Secret Service spokesman Anthony Guglielmi told CNN last week, “We are aware that people from the Oath Keepers have called us in the past to make queries.”
It’s typical practice for law enforcement officials to keep in touch with organizations that are the subject of an investigation. Testimony obtained in congressional and federal investigations shows that the Oath Keepers and other extremist organizations that came to Washington for demonstrations following the 2020 election had multiple encounters with local and federal law enforcement officials.
The Oath Keepers’ connection to the outside world is under more examination after evidence last week showed that its leader, Stewart Rhodes, claimed to be in contact with agents.
Oath Keepers’ former North Carolina leader John Zimmerman said that he had reason to suspect that Rhodes had been in contact with a Secret Service agent in the run-up to the 2020 presidential election.
Zimmerman, who has not been charged with a crime, claimed that in September, members of the Oath Keepers gathered in Fayetteville, North Carolina, for a campaign rally for then-candidate Donald Trump. The Oath Keepers are currently on trial for charges related to the January 6 attack on the US Capitol, including seditious conspiracy.
According to him, Oath Keepers were there at the protest to recruit new members and provide personal protection services.
According to Zimmerman’s testimony, Rhodes claimed he spoke with a Secret Service agent who told the protest’s organizers which kind of guns were permitted on rally grounds. Zimmerman said he didn’t catch everything, but Rhodes insisted many times that he was communicating with a representative.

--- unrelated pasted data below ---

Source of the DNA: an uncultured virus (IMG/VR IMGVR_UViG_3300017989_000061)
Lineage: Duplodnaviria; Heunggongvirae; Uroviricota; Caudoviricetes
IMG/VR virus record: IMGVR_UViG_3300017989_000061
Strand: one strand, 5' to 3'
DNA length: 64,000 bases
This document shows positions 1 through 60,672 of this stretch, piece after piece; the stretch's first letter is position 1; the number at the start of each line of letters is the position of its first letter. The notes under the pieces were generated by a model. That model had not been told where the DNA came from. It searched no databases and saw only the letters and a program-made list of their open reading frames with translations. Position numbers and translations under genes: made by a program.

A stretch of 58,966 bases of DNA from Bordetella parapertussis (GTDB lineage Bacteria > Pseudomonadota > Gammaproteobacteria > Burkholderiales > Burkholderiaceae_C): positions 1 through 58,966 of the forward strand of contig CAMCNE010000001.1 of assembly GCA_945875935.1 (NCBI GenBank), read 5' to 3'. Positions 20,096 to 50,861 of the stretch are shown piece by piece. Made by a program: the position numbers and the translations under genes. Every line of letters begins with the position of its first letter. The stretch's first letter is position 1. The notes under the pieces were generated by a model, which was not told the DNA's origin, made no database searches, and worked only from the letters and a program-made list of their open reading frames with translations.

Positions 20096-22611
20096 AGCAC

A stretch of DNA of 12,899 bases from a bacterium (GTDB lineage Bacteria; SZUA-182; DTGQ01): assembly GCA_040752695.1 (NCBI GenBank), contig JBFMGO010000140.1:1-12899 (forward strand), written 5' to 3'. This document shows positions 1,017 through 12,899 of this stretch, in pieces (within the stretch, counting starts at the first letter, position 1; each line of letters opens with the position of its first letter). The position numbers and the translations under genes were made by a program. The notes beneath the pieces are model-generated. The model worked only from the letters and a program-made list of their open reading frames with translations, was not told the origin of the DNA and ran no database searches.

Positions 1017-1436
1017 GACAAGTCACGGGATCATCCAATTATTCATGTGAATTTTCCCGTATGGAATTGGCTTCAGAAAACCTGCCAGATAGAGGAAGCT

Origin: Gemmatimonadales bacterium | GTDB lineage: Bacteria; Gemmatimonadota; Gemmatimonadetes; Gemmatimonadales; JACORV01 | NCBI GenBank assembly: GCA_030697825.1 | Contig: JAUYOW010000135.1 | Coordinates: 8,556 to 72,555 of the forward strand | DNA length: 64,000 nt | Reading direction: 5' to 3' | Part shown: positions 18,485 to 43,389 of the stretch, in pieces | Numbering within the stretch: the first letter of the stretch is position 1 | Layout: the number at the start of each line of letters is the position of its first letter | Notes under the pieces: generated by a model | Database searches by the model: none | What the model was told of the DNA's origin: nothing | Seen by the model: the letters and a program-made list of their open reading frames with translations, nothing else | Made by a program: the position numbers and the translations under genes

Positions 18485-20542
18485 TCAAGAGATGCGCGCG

In court, a discussion of the Rhodes chat group.
New evidence produced in court on Thursday suggests that Rhodes told fellow Oath Keepers members in a group conversation that he thought the US Secret Service would be “glad” to have their aid if Trump called upon them as a militia.
This document was used as evidence in the prosecution of Rhodes and four others for seditious conspiracy. The five defendants have entered not guilty pleas.
Prosecutors quote Rhodes as saying, “If he calls us up as a militia, I believe the secret service would be pleased to have us out there.” The Secret Service had been in communication with the Oath Keepers on many occasions before to January 6 and, according to Rhodes, this led them to this conclusion.